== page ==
Public Perception of Security
So the US Consulate in Jerusalem sold a file cabinet full of secret documents. What I found interesting about the story is the perception of the finder:
Hundreds of files — with social security numbers, bank account numbers and other sensitive U.S. government information — were found in a filing cabinet purchased from the U.S. consulate in Jerusalem through a local auction.
“We couldn’t believe what we found,” said Paula, who purchased the cabinets and asked that her last name not be published. “We thought of calling the American consulate right away, and then we thought, you know they’ll just hide it and say, ‘Oh, we made a mistake.'” (“U.S. Consulate Mistakenly sells secret files in Jerusalem,” Fox News)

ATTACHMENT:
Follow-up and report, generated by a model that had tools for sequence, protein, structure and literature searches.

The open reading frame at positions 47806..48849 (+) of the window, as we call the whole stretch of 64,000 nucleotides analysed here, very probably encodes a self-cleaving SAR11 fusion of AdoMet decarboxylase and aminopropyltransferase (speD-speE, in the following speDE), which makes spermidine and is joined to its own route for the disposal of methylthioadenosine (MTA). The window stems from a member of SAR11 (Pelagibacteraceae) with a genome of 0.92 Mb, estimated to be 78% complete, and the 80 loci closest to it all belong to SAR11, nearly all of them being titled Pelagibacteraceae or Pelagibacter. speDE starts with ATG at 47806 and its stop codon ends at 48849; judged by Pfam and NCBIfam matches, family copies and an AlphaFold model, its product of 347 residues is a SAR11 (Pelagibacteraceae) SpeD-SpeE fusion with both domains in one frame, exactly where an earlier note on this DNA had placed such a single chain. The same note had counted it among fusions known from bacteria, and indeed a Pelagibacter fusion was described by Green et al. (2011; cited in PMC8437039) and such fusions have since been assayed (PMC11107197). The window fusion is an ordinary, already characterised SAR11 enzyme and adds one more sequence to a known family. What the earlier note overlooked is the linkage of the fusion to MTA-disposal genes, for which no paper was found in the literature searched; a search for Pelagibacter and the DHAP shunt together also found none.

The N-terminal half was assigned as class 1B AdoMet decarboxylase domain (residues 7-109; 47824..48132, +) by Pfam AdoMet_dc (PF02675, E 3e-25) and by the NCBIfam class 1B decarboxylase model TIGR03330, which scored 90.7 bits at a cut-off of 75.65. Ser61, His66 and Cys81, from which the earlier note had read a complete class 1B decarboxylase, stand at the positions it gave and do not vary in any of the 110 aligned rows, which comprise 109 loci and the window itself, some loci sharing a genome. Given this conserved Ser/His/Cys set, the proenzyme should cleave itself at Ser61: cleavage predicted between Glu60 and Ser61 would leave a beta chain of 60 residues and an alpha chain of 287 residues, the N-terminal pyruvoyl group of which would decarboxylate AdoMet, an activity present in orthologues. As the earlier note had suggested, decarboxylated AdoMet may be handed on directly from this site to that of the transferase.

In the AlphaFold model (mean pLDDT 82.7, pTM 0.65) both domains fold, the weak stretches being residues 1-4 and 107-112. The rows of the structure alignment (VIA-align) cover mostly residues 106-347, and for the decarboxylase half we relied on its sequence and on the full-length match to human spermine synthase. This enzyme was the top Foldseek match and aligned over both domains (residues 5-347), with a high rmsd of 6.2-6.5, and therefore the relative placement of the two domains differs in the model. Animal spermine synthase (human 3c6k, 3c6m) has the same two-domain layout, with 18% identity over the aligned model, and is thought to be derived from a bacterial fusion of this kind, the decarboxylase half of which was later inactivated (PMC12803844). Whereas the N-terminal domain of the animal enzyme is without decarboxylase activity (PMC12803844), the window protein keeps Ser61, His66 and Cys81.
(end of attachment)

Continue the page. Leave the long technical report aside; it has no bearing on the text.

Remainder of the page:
Transparency is a powerful idea. There’s little risk in disclosing this incident, except to the career of the person who sold the cabinet. Security professionals on both side know that these things happen. If we talked about the incidents we could assess their frequency and see if there are cost effective ways to prevent these things. I expect that there are, but no one wants to add a layer of bureaucracy for a threat that they can’t really assess. There are too many threats and too many ways to address them.